Building the McLaren 720S Super Series

We visit the pristine headquarters in Woking to discuss the design behind the impressive supercar

Everything McLaren does, it does fast. Not only can its latest model—the 720S Super Series—clear 0 to 60 in 2.8 seconds, the company builds its cars quickly, too.

In the seven years since it began building ultra-luxury performance cars for a niche market, McLaren has delivered new nameplates in record time, introducing at least one new model or derivative annually starting with the 12C in 2011. Case in point: the 720S—which costs $285,000 and is the car McLaren calls its most opulent ever—zipped from concept to pavement in just three years, compared with the typical five-year process most automakers require.

McLaren’s racing heritage gives it a leg up in the development process. Though the company has a short history making cars for customers, it has decades of experience developing some of the world’s lightest, fastest, and most dynamic cars for some of the most skilled drivers on the planet. Beginning in the early 1960s as Bruce McLaren Motor Racing, the company founded one of Formula One’s most successful teams while honing its skills for decades. McLaren has been strengthening its position at the nexus of performance and technology since eponymous founder Bruce McLaren won his first Grand Prix.

Now it’s churning out supercars for enthusiasts at its pristine Foster + Partners designed, glass-walled headquarters in Woking, 30 miles outside of London. For the company’s latest creation, the 720S, designers and engineers continued to take their cues from McLaren’s F1 legacy, recasting the majority of its components and adding a larger, twin-turbo 4.0-liter V8 that delivers 710 horsepower. Boasting aluminum bodywork wrapped around a carbon fiber skeleton, the mid-engined sportscar is hailed as lighter, faster, and more capable than the 650S coupe it replaces.

“Form, for me, is inspired by Formula 1 cars,” says McLaren Design Director Rob Melville, “The way we take the high-energy air in here and the turbulent air into the body side. But the main thing is, and this is where the connection with nature comes in, we have an architecture under here. Imagine that architecture is like the bone structure, and then you have to optimize the panels around that bone structure.”

It shouldn’t look like a body builder, it should look like a sprinter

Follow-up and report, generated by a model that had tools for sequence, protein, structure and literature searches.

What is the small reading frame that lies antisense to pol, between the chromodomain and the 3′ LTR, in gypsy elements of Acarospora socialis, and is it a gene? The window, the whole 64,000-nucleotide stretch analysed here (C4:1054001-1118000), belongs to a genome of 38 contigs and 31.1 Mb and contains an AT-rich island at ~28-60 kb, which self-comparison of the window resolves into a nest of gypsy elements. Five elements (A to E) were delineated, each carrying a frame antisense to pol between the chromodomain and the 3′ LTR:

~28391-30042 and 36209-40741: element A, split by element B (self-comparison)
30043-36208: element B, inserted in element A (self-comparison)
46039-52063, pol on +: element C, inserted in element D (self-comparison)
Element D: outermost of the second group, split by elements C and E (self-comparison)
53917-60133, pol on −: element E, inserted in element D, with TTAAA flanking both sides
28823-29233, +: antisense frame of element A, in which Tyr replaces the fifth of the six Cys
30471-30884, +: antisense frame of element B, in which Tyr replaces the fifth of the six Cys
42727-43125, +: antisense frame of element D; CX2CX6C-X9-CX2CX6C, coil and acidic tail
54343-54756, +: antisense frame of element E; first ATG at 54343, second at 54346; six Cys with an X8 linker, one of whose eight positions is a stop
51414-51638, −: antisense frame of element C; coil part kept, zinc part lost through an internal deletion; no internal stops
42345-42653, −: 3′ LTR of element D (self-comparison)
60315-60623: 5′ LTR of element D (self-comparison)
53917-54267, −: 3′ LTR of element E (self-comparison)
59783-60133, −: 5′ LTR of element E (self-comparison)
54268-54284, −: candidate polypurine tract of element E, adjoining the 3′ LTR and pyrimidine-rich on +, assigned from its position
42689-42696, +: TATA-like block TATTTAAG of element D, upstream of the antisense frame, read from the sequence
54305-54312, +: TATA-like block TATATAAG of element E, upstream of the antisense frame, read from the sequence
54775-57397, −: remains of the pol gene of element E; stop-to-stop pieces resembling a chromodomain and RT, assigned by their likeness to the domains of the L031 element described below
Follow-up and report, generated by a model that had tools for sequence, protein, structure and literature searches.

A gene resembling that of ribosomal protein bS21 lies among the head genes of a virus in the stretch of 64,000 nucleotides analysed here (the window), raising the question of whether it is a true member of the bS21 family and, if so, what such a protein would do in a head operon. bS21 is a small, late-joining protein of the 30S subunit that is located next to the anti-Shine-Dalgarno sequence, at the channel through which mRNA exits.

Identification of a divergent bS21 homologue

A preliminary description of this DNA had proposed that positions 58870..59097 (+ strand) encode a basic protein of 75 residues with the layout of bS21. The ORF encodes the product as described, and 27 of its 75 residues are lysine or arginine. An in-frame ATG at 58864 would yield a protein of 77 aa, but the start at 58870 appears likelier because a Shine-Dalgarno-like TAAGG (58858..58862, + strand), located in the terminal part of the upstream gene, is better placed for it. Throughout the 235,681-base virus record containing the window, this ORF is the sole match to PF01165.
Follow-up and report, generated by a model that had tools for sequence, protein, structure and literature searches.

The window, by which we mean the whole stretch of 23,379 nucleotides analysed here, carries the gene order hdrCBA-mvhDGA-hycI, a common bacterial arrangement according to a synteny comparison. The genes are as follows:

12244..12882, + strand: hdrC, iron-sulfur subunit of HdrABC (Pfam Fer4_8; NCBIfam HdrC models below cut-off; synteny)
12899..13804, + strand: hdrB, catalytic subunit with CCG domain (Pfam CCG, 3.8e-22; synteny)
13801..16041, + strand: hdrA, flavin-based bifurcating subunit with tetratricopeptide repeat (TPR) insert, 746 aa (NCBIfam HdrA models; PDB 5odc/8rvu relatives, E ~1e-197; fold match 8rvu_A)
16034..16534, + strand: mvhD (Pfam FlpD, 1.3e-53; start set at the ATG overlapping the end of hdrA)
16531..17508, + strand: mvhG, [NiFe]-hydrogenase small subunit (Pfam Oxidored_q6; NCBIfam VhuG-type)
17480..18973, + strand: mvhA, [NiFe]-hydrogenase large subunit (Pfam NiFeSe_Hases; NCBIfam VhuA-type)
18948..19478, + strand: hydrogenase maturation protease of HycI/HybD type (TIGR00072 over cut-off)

Underpinned by McLaren’s Monocage II carbon fiber foundation, the 720S is marked by a bull-nosed profile, double-skinned dihedral doors, and a tapered teardrop canopy that affords wide visibility. “It looks lean,” Melville says. “It looks muscular. It shouldn’t look like a body builder, it should look like a sprinter—a 100-meter sprinter.”

Seat time inside the low-slung, two-seat supercar justifies its moniker as McLaren’s most opulent machine. Luxurious and leather clad, the coupe’s interior can be customized with materials such as Alcantara suede, Bridge of Weir leather, aluminum, and carbon fiber that blend the sensory appeal of McLaren’s dual worlds: performance and technology.

McLaren’s speed—on the track and to the market—will serve it well. The young company has ambitious plans to introduce 15 new models, which started with the 720S, by 2022. And already since then, the 570S Spider and McLaren Senna. The company, which doubled sales to 3,286 cars last year, aims to ramp up to between 4,000 and 5,000 annually.

But there’s more to developing a new model than specs and comparison testing. “You can measure the hell out of everything,” Melville says. “You can have the statistics. It can be the best car on paper, but ultimately it has to feel like the best car as well. It’s like a relationship, and the same way with people, if they make you feel great, you always remember them. And I think the same with the products, it has to make you feel great. It has to make you feel special.”

Additional reporting by Evan Orensten

Images courtesy of McLaren